Hailed as one of the finest novels to come out of the Second World War, The Naked and the Dead received unprecedented critical acclaim upon its publication and has since become part of the American canon. This fiftieth anniversary edition features a new introduction created especially doe the occasion by Norman Mailer. Written in gritty, journalistic detail, the story follows an army platoon of foot soldiers who are fighting for the possession of the Japanese-held island of Anopopei. Composed in 1948, The Naked and the Dead is representative of the best in twentieth-century American writing.

    The Castle in the Forest

    The Castle in the Forest
    A Novel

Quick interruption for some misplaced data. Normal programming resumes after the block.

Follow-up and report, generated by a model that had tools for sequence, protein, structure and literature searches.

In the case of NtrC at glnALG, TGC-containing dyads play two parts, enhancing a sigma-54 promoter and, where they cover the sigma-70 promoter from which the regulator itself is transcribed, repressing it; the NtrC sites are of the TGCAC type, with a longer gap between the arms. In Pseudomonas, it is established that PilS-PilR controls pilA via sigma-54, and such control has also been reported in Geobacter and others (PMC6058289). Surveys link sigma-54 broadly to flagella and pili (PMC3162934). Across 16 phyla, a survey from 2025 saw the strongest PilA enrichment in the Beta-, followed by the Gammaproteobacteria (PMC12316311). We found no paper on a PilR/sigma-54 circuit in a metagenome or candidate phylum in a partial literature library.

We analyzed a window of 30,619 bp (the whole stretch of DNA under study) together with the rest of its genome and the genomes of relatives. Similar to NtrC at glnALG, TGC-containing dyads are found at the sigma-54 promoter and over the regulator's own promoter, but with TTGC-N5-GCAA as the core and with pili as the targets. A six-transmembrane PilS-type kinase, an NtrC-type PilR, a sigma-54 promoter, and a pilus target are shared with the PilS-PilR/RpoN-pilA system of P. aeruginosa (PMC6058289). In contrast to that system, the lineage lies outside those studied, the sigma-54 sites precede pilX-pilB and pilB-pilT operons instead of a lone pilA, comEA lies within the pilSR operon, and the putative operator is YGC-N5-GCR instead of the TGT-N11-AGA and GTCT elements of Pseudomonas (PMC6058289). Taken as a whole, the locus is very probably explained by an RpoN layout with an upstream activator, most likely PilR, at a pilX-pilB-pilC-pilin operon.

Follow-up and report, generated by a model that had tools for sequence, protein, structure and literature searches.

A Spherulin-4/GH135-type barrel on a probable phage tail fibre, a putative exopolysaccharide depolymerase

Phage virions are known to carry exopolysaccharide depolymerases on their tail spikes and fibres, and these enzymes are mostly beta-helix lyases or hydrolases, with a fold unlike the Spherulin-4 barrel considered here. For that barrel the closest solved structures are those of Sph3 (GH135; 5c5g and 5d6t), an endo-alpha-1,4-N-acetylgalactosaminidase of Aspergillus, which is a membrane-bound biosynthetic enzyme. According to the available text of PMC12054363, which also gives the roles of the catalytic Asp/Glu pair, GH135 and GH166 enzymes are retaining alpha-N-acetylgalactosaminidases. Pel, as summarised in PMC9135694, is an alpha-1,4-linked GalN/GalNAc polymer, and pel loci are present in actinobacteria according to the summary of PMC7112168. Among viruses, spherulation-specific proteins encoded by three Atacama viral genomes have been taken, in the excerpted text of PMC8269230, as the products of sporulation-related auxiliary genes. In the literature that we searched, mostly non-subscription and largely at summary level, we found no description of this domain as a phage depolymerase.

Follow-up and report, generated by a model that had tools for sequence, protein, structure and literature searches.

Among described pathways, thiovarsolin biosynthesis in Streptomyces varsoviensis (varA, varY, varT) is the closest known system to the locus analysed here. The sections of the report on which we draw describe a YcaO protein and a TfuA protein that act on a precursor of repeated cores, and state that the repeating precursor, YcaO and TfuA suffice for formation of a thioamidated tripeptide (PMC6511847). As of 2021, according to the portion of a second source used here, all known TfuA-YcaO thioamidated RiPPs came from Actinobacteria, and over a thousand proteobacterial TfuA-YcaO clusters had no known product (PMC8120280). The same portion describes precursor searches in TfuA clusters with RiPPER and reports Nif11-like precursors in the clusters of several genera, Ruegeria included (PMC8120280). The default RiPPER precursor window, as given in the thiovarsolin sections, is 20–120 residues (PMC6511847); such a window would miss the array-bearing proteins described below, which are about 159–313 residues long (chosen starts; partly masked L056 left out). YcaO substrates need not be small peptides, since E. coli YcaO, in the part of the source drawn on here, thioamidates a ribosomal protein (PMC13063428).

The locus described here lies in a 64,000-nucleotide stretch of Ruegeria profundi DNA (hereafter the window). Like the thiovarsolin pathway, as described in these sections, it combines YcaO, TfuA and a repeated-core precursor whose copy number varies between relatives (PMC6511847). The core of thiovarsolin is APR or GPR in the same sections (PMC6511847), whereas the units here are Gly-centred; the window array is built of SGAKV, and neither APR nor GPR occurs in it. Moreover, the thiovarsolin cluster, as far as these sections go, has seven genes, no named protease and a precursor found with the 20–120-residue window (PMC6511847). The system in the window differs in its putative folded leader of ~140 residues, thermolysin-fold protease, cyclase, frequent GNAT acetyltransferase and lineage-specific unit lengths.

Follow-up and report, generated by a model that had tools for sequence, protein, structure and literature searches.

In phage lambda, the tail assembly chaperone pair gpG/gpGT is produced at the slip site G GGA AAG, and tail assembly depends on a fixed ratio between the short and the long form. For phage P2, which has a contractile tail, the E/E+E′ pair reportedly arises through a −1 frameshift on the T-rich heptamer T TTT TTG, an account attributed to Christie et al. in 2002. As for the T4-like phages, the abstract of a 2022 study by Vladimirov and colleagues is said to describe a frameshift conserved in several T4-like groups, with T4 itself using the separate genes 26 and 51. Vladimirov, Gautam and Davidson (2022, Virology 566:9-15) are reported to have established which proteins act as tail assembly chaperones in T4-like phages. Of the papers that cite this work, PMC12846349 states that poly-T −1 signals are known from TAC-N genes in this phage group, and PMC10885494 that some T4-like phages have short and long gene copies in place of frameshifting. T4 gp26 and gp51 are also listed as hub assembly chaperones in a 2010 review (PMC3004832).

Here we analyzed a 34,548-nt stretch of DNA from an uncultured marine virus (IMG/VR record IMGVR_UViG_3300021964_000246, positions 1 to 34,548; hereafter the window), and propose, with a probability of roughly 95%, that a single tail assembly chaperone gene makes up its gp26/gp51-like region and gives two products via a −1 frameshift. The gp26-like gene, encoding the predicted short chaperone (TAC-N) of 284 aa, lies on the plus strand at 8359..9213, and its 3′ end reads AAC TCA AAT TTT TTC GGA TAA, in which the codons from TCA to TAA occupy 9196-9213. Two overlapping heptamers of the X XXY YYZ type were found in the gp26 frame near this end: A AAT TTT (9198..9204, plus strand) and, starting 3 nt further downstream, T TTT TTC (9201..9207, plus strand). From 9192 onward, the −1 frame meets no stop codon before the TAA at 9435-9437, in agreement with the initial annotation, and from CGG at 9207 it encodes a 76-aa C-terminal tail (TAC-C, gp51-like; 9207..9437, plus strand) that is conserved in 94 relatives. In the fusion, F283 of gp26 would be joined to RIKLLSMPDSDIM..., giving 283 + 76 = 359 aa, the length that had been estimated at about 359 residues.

The final work of fiction from Norman Mailer, a defining voice of the postwar era, is also one of his most ambitious, taking as its subject the evil of Adolf Hitler. The narrator, a mysterious SS man in possession of extraordinary secrets, follows Adolf from birth through adolescence and offers revealing portraits of Hitler’s parents and siblings. A crucial reflection on the shadows that eclipsed the twentieth century, Mailer’s novel delivers myriad twists and surprises along with characteristically astonishing insights into the struggle between good and evil that exists in us all.   Praise for The Castle in the Forest   “This remarkable novel about the young Adolf Hitler, his family and their shifting circumstances, is Mailer’s most perfect apprehension of the absolutely alien. . . . Mailer doesn’t inhabit these historical figures so much as possess them.”—The New York Times Book Review   “Terrifically creepy . . . an icy and convincing portrait of the dictator as a young sociopath.”—Entertainment Weekly   “The work of a bold and confident writer who may yet be seen as the preeminent novelist of our time . . . a source of tremendous narrative pleasure . . . Every character . . . lives and breathes.”—South Florida Sun-Sentinel   “Blackly hilarious, beautifully written . . . [The Castle in the Forest] has vigor, excitement, humor and vastness of spirit.”—The New York Observer   Praise for Norman Mailer   “[Norman Mailer] loomed over American letters longer and larger than any other writer of his generation.”—The New York Times   “A writer of the greatest and most reckless talent.”—The New Yorker   “Mailer is indispensable, an American treasure.”—The Washington Post   “A devastatingly alive and original creative mind.”—Life   “Mailer is fierce, courageous, and reckless and nearly everything he writes has sections of headlong brilliance.”—The New York Review of Books   “The largest mind and imagination [in modern] American literature . . . Unlike just about every American writer since Henry James, Mailer has managed to grow and become richer in wisdom with each new book.”—Chicago Tribune   “Mailer is a master of his craft. His language carries you through the story like a leaf on a stream.”—The Cincinnati Post From the Hardcover edition.